The head of the Centers for Disease Control and Prevention stressed Tuesday that it was necessary to remove the stigma around addiction in order to confront the opioid crisis.

"Addiction is a medical condition, not a moral failing," said CDC director Robert Redfield.

The comments from Redfield came as his agency released data earlier in the day showing a slight dip in opioid overdose deaths for six months in a row. The data show that deaths have decreased by 2.8 percent since their peak, but it's not yet clear whether this is a reversal in the crisis that will continue, or a temporary drop.

The opioid crisis claimed more than 40,000 lives in 2017. Redfield did not make predictions as to whether the dip reported Tuesday represented the beginning of a shift in the opioid crisis, but stressed that it continued to be a priority for the Trump administration.

[Related: FDA considers requiring co-prescribing overdose antidote to go along with opioids]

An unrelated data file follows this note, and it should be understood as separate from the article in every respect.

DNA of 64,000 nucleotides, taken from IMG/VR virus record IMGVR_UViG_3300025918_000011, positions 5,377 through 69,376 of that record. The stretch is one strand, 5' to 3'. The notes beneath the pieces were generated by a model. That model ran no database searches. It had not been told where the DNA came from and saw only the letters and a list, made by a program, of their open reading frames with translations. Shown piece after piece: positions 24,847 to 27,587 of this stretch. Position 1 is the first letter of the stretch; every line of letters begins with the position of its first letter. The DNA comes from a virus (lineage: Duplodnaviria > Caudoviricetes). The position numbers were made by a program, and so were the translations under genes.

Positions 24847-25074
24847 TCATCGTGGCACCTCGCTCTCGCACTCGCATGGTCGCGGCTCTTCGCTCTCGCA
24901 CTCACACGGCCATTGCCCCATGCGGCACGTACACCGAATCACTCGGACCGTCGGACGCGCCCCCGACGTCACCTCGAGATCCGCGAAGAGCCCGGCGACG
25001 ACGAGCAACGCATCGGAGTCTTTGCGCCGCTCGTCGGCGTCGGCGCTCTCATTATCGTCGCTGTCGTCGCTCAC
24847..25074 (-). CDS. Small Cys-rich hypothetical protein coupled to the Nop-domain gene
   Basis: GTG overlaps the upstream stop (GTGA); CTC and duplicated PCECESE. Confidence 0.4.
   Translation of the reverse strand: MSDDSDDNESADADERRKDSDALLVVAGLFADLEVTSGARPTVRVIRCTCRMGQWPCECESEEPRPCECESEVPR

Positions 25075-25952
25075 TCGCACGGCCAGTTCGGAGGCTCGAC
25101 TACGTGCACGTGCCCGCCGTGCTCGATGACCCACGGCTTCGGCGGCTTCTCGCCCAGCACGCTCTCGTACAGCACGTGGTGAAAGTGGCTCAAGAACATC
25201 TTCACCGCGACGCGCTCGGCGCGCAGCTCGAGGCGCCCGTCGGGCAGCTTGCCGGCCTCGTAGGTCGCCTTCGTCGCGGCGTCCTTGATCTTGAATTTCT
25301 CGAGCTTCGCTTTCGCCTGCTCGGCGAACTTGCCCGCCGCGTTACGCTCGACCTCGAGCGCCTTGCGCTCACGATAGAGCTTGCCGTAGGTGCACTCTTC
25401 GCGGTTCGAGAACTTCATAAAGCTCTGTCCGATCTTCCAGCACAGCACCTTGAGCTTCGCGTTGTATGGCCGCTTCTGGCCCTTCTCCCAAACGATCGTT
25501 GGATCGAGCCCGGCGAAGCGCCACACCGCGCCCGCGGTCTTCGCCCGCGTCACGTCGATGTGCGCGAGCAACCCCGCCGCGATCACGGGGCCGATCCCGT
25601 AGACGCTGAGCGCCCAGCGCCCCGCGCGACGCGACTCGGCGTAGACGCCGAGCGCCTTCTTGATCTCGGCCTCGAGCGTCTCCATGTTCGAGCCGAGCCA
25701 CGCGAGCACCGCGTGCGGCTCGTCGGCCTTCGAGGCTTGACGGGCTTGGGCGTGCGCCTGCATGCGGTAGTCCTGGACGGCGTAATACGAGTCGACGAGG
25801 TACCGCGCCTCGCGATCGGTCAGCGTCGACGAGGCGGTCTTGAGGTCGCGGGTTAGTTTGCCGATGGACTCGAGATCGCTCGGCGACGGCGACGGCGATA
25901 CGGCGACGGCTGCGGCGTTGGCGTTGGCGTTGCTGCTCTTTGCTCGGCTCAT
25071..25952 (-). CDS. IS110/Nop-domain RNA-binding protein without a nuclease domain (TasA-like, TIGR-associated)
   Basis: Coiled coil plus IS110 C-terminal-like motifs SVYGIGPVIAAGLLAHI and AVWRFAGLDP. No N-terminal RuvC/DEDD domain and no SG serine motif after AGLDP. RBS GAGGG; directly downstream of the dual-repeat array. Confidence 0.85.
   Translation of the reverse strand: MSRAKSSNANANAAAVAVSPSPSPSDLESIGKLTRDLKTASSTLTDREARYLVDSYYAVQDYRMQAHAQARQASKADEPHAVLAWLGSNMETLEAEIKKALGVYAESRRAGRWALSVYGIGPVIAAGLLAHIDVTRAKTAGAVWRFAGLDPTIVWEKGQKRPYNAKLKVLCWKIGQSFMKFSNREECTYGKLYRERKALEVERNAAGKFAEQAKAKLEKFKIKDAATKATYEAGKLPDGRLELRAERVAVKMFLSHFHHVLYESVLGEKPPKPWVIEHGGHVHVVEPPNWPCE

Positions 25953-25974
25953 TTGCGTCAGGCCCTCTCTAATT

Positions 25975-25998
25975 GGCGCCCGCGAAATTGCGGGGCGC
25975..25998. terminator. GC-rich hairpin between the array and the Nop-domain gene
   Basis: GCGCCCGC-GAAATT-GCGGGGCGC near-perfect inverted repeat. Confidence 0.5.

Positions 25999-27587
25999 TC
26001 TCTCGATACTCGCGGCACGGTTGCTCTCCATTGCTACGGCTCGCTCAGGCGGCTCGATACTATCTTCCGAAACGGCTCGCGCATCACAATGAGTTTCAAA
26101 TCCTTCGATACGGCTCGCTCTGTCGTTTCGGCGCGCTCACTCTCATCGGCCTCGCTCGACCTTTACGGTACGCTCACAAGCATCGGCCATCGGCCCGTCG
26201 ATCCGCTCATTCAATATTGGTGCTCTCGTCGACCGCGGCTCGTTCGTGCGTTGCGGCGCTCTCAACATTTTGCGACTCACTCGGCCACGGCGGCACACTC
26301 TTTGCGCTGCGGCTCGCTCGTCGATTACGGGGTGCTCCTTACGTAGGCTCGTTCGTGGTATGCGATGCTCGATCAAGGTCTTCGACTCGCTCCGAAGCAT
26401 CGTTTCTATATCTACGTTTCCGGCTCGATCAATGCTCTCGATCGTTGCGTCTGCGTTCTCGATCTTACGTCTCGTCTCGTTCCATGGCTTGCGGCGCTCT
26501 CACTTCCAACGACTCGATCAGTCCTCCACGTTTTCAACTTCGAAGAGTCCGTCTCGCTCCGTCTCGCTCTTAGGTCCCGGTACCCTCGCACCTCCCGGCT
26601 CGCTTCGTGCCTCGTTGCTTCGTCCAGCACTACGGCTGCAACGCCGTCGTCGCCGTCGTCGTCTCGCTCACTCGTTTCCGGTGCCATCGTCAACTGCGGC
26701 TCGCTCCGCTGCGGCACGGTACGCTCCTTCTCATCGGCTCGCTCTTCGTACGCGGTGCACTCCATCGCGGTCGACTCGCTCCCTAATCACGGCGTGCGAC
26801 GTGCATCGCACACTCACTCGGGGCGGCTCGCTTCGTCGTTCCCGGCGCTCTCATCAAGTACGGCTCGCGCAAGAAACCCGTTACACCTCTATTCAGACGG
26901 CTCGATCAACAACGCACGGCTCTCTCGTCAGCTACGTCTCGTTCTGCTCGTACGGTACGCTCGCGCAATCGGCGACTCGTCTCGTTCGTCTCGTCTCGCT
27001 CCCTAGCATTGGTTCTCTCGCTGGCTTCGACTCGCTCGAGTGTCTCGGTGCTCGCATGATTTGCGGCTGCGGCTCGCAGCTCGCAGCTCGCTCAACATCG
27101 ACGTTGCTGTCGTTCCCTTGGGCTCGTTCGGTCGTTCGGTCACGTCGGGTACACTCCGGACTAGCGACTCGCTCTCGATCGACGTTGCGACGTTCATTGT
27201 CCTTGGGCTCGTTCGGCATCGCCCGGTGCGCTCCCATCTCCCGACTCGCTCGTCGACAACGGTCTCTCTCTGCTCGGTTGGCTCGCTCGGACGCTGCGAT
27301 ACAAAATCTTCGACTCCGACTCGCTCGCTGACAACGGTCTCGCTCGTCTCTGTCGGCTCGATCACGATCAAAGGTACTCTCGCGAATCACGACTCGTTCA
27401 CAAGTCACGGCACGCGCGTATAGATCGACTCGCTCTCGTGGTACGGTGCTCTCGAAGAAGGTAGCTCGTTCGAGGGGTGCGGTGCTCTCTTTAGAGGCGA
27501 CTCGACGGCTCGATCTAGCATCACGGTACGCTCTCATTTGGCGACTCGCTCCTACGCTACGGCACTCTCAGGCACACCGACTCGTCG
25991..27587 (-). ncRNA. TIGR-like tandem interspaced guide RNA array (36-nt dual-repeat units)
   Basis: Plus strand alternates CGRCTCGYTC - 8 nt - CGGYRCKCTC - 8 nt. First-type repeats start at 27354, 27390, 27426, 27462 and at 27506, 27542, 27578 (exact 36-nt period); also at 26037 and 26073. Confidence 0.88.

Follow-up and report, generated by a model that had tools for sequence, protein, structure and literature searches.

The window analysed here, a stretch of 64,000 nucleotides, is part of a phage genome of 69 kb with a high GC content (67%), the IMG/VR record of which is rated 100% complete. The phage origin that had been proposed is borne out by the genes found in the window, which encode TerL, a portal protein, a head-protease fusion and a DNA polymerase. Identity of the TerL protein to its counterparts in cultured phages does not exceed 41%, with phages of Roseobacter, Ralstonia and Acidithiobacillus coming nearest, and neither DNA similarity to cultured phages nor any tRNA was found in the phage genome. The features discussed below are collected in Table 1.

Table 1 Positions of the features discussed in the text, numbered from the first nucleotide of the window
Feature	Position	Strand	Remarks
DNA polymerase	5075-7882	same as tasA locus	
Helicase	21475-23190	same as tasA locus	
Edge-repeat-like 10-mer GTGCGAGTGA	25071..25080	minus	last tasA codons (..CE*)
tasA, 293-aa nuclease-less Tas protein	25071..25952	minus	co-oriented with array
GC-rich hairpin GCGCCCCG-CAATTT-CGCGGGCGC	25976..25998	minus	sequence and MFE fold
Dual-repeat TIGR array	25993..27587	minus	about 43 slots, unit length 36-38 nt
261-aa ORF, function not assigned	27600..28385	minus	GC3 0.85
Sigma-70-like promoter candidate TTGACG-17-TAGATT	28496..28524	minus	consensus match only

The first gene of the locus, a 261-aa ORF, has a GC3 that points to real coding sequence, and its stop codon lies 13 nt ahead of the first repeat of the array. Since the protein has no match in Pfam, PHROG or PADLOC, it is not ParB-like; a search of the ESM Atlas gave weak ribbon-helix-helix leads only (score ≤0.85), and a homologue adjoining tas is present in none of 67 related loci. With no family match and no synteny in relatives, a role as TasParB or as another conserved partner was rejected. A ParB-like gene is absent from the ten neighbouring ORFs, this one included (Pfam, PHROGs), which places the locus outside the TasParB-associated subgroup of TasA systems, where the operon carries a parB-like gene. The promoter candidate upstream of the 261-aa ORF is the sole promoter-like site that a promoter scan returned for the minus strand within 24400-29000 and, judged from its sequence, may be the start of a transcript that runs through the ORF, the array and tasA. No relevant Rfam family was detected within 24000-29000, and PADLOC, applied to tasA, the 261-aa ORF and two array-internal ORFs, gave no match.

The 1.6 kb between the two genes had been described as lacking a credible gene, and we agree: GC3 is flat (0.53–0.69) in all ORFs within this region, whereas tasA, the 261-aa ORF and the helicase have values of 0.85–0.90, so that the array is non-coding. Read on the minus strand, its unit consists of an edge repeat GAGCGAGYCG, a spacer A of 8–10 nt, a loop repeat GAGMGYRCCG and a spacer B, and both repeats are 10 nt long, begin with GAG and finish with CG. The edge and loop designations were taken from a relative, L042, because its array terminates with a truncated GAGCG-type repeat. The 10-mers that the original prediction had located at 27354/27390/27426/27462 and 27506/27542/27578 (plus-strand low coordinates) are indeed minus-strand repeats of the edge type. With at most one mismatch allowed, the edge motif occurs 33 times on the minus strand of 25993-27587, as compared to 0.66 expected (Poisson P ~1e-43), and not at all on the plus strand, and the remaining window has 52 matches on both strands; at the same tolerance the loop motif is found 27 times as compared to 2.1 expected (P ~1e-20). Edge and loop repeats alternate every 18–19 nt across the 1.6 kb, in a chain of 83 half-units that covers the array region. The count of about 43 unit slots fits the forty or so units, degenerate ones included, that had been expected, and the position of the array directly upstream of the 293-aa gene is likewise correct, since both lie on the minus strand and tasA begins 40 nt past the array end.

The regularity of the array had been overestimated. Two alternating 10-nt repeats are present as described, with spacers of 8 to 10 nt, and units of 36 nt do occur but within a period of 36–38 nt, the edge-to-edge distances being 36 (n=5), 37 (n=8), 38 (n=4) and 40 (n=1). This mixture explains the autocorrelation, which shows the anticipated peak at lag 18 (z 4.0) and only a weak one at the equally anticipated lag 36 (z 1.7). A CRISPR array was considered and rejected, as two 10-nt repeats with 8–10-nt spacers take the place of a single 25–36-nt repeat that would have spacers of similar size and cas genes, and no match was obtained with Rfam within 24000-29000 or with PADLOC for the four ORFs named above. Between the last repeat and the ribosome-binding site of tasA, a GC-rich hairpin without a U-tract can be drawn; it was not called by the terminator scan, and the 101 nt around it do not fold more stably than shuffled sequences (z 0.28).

President Trump is expected to sign a bill into law on Wednesday that takes a wide-ranging approach to the epidemic through more medical research, law enforcement tools, and access to treatment for addiction.

Redfield, who was a leading researcher on HIV/AIDS before taking the helm at the CDC, drew parallels between the HIV/AIDS epidemic during the 1980s and the addiction outbreak in the U.S. today. He discouraged members of the audience from using terms like "addict."

"I think these are very stigmatizing terms," he said.

The comments, part of a Milken Institute event in Washington, D.C., drew applause from the audience. Redfield shared that he has a son who has an opioid addiction, who has been in recovery for two years.

"Society needs to come together and support recovery [from drug addiction] as the rule, not the exception," he said.